What Do Tea Bags, Worms, and Dog Training Have in Common? #27

#canine #debono moves #mindset feldenkrais method Jul 01, 2024

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Are you seeing things as they are? Or how you EXPECT them to be?  

Discover why you may fall for certain dog training methods despite them not being in your dog's best interest. Let's sharpen our critical thinking skills in our latest podcast episode!

Ever been convinced you saw something that wasn't really there? Picture this: a viral video had me believing there were wiggling worms in Lipton tea bags, only to find out they were just pieces of lemon!

This episode explores how our perceptions can be easily manipulated by compelling narratives. Join me as I unravel this eye-opening experience and delve into how it made me question so much of what I see and hear.

From debunking the tea bag myth to scrutinizing popular yet controversial dog training methods, we'll dissect how our beliefs can cloud our judgment. I share a heartfelt story about a friend's unwavering faith in a punitive dog trainer, despite overwhelming evidence to the contrary.

This episode is all about sharpening your critical thinking skills and becoming a more discerning consumer of information, especially when it comes to the well-being of your furry friends. Tune in and empower yourself to make better-informed decisions for your pets!


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All information is for general educational purposes ONLY and doesn't constitute medical or veterinary advice. Please consult a qualified healthcare provider if you or your dog are unwell or injured. 


Have you ever wondered what you're watching when you listen to someone that's talking about anything, whether it's dog training, maybe it's dog health, maybe it's me talking about improving your dog's movement and well being. Do you ever really question whether what you think you're listening to and watching is true or nothing? So I will share with you a little story that will explain this a little bit more.

But in the meantime, in case we haven't met before, my name is Mary de Bono, and this is the easier movement, Happier Dogs podcast. And, yeah, so some years ago, someone had posted a video online, and she was talking about how she discovered that there's worms, the tea bags she was buying. And because I'm a big tea drinker, I was a little interested in this. Like, what brand?

What is she talking about? What kind of worms? Like, what is going on? And so I watched the video, and she was. She was buying Lipton tea. Now, I don't drink Lipton tea normally, but anyway, I was interested in looking at what she was saying, and she would rip open the bag, the tea bags, you know, from the little wrapper, and she would spill it out on her counter.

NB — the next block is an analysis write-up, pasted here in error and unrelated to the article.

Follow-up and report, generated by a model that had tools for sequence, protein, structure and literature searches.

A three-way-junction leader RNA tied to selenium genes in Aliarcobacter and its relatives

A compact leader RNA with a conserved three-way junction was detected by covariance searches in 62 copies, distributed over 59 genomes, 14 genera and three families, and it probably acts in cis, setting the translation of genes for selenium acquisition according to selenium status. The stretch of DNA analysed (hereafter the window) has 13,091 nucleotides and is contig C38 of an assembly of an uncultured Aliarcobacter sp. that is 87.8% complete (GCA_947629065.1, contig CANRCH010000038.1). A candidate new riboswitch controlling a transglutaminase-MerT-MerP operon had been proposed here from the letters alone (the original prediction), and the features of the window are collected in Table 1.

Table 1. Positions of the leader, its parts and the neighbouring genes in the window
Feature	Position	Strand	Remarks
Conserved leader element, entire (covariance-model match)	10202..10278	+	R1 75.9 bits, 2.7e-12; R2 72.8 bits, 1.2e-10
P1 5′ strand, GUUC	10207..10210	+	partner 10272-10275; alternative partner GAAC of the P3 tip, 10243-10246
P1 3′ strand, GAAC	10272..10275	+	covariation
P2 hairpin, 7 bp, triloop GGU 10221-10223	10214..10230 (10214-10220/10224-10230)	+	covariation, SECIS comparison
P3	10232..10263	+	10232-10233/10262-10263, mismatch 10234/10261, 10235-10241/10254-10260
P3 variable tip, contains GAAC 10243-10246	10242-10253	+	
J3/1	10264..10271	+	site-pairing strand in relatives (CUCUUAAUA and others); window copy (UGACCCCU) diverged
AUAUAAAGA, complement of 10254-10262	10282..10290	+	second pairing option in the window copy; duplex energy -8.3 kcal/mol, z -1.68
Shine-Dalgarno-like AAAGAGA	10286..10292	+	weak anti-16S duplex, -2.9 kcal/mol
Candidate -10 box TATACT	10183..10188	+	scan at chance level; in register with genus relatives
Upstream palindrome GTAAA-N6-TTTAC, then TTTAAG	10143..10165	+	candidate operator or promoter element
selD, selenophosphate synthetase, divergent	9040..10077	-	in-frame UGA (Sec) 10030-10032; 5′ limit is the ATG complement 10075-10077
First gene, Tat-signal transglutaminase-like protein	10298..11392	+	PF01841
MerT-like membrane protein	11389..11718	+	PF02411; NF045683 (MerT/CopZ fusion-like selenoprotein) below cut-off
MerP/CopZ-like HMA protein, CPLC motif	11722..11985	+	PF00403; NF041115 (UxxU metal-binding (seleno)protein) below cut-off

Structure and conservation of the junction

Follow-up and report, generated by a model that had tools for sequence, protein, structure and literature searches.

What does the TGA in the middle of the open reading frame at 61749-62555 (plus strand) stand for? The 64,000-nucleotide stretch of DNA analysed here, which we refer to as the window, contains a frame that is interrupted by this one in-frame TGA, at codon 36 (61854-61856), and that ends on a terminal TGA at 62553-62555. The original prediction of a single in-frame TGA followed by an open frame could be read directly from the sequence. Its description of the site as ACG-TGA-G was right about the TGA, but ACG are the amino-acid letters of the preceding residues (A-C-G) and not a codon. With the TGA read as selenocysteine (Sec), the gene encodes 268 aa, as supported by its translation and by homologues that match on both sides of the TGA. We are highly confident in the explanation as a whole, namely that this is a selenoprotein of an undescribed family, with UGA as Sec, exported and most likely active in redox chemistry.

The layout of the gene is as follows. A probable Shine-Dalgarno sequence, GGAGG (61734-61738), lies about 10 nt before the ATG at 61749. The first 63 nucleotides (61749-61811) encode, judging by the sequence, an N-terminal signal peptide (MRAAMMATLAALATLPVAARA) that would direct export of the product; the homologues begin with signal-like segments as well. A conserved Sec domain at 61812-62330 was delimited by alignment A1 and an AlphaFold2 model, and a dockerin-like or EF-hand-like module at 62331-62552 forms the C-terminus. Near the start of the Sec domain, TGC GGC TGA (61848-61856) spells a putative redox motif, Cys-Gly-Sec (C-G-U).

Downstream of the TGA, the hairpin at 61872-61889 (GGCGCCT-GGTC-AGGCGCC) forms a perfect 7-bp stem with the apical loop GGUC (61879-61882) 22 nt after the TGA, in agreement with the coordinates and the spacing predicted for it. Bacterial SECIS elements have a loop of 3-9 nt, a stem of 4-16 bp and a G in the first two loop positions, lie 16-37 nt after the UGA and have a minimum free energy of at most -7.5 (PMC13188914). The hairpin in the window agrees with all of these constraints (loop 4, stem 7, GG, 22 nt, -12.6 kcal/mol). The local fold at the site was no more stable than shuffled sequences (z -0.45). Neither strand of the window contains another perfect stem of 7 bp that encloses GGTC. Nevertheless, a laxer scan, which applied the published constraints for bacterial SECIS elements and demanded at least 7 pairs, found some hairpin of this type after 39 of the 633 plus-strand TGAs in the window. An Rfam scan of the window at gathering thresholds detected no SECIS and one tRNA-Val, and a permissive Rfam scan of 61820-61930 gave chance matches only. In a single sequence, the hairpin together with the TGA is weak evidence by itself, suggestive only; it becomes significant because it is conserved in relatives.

And she was filming all this. And the tea she was specifically buying was Lipton black tea with lemon. Okay. So she was saying, like, look at those worms, and they're even moving. And she showed, you know, with her video she was showing, and I could see those little worms were moving. It was kind of gross, because I'm like, oh, this is in the tea. And then you put the boiling water, those poor worms.

But also, yeah, kind of gross. And I thought, wow, okay. And she said she bought multiple boxes of the tea to verify this and from different stores, and all of them have these worms in them. Okay, so before you run out and throw out your Lipton tea, please listen to the rest of this. Well, then I googled it, and it turns out those were not worms. They were small pieces of lemon.

Now, I will tell you this. I will tell you that I was convinced that I saw them moving, that I saw those quote unquote worms wiggling around, because she said they were. And I had bought into the whole narrative that there are worms in this tea that I would have told you. Yes, I saw them move, because I really thought I did. And that was such an aha for me, because I realized that, wow, what we think we're seeing may not match reality.

And I'll give you another example. So sometime after that, and again, this was quite a number of years ago, I was talking with a friend of mine, and she's a really kind person who loved, loved her miniature schnauzer. Love this dog. And she commented that her and the dog would want this particular show. It was on Natgeo. I won't say the guy's name, but you know who he is.

Okay. And he was very, you know, he. He was very visible at the time, especially, and he was on this popular show, and he was supposedly a dog trainer. And I was talking to her about that, like, oh, you know, what do you think of his training methods and things like that? Because in my experience, what I have seen, because, yes, I did watch a number of those episodes, and I was appalled because he was using a lot of.

A lot of punitive measures. He would do a lot of leash corrections. He used choke collars. You know, he would strike the dog sometimes. It just wasn't. The dogs always looked to me to be very stressed, and it didn't look like something that certainly I would want to partake in. And I wouldn't have expected her to, either, because she was so kind. Right, right. But she was convinced this guy was fabulous.

So. And again, because she went in with that narrative when she watched the shows, she only saw what she considered to be good about the show. And so I even sent her a little clip that was making the rounds on the Internet about. During a show, during a show that they aired, he was basically hanging this dog, you know, this husky, and it was awful. And when I said, what do you think about this, though?